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The Energetics of Obesity. Medicine and Science in Sports and Exercise 15:32-40. Committee on Dietary Allowances, Food and Nutrition Board 1980 Recommended Dietary Allowances. 9th rev. ed. Washington, D. C.: National Academy of Sciences. Committee on Food Protection, Food and Nutrition Board 1973 Toxicants Occurring Naturally in Foods. 2d ed. Washington, D. C.: National Academy of Sciences/National Research Council. Committee on Nutrition, American Academy of Pediatrics 1977 Nutritional Aspects of Vegetarianism, Health Foods and Fad Diets. Pediatrics 59: 460-64. Coon, J. 1973 Toxicology of Natural Food Chemicals: A Perspective. In Toxicants Occurring Naturally in Food, 2d ed., pp. 573-91. Washington, D. C.: National Academy of Sciences/National Research Council. Desor, ]. A.; L. S. Greene; and O. Miller Preference for Sweet and Salty in 9-15-Year-Old and Adult Humans. 1975 Science 190:686-87. Draper, H. H. 1977 The Aboriginal Eskimo Diet in Modern Perspective. American Anthropologist 79: 309-16. Dubos, R. 1980 Nutritional Ambiguities. Natural History 89(7): 14, 16, 20-21. Dwyer, ]. T.; E. M. Andrew; ]. Valadian; and R. B. Reed 1980 Size, Obesity and Leanness in Vegetarian Preschool Children. Journal of the American Dietetic Association 77: 434-39. Dwyer, ]. T.; L. G. Miller; N. L. Arduino; E. M. Andrew, W. N. Dietz; ]. C. Reed; and H. B. C. Reed 1980 Mental Age and 1. Q. of Predominantly Vegetarian Children. Journal of the American Dietetic Association 76: 142-47. Flynn, M. 1978 The Cholesterol Controversy. Contemporary Nutrition 3:3-4. Food and Agricultural Organization (FA 0) 1970 Amino Acid Content of Foods and Biological Data on Proteins. FAG Nutrition Studies, no. 24. Rome: F AO. 1973 Energy and Protein Requirements. F AO Nutrition Meeting, Series no. 52. Rome: FAO. Food and Agricultural Organization/World Health Organization (F A 0 / WHO) 1973 Energy and Protein Requirements. Report of the Joint FAG / WHO Ad Hoc Expert Committee. Technical Report Series no. 522. Geneva: WHO. Freeland-Graves, ]. H.; P. W. Bodzy; and M. Eppright 1980 Zinc Status of Vegetarians. Journal of the American Dietetic Association 77:655-61.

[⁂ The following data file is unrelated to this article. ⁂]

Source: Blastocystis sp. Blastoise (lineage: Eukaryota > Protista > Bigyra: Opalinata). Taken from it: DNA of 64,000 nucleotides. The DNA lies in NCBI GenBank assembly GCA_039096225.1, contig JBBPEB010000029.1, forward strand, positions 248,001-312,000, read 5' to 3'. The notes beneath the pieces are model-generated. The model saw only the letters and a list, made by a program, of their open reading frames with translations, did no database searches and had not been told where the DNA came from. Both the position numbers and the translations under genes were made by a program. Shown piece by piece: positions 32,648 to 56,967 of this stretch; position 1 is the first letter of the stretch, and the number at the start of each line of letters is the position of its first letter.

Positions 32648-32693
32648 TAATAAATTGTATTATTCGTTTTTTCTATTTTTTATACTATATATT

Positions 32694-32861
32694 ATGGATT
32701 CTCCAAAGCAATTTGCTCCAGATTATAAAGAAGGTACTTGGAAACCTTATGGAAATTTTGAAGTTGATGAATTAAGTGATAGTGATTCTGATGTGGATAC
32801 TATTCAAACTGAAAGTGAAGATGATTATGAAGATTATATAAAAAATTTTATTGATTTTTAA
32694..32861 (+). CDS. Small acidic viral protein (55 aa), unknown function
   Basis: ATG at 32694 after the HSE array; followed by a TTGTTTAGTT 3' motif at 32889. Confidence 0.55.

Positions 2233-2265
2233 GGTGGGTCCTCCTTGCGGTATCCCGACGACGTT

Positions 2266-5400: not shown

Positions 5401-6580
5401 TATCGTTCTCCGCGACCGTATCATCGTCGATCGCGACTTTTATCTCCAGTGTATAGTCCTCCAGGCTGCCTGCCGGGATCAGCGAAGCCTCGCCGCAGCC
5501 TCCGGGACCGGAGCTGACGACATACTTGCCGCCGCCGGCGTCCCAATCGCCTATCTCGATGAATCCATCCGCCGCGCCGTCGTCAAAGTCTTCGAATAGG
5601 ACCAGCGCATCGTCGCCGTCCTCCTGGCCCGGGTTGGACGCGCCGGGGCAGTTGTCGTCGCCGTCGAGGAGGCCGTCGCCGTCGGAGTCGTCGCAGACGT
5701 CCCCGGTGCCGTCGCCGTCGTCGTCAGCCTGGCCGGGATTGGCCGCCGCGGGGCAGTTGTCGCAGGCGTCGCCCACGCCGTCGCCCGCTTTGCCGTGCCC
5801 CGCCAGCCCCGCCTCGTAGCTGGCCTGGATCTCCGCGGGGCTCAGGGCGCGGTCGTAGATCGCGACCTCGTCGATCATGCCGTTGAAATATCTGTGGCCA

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Freeland-Graves, ]. H.; M. L. Ebangit; and P. W. Bodzy 1980 Zinc and Copper Content of Foods Used in Vegetarian Diets. Journal of the American Dietetic Association 77: 648-54. Gleibennann, L. 1973 Blood Pressure and Dietary Salt in Human Populations. Ecology ofFood and Nutrition 2: 143-56. Greene, L. 1977 Hyperendemic Goiter, Cretinism, and Social Organization in Highland Ecuador. In Malnutrition, Behavior and Social Organization, L. Greene, ed., pp. 55-94. New York: Academic Press. Guthrie, H. 1975 Introductory Nutrition. 3d ed. Saint Louis: C. V. Mosby. Hardinger, M. G., and F. Stare 1954 Nutritional Studies of Vegetarians, I: Nutritional, Physical and Laboratory Studies. Journal of C finical Nutrition 2: 73-82. Harris, M. 1979 Our Pound of Flesh. Natural History 88(7):30-36. Harris, R., and E. Kannas 1975 Nutritional Evaluation and Food Processing. 2nd ed. Westport, Conn.: AVI. Harrison. G. G. 1975 Primary Lactase Deficiency: A Problem in Anthropological Genetics. American Anthropologist 77: 128-35. Hufford, D. Organic Food People: Nutrition, Health and World View. Keystone 1971 Folklore Quarterly 16(4): 179-84. Jackson, A. Aminoacids: Essential and Non-Essential? Lancet 1: 1034-37. 1983 Jenkins, D. ]. 1982 Lente Carbohydrate: A Newer Approach to the Dietary Management of Diabetes. Diabetes Care 5:634-41. Katz, S. H. 1982 Food, Behavior, and Biocultural Evolution. In The Psychobiology of Human Food Selection, L. M. Barker, ed., pp. 171-88. Westport, Conn.: AVI. Katz, S. H.; M. L. Hediger; and L. A. Valleroy 1975 The Anthropological and Nutritional Significance of Traditional Maize Processing Techniques in the New World. In: Biosocial Interrelations in Population Adaptation, E. S. Watts, F. E. Johnston, and G. W. Lasker, eds., pp. 195-234. The Hague: Mouton. Katz, S. H., and S. Schall 1979 Fava Bean Consumption and Biocultural Evolution. Medical Anthropology 3:459-76. King, ].; T. Stein; and M. Doyle 1981 Effect of Vegetarianism on the Zinc Status of Pregnant Women. American Journal of C finical Nutrition 34: 1049-55.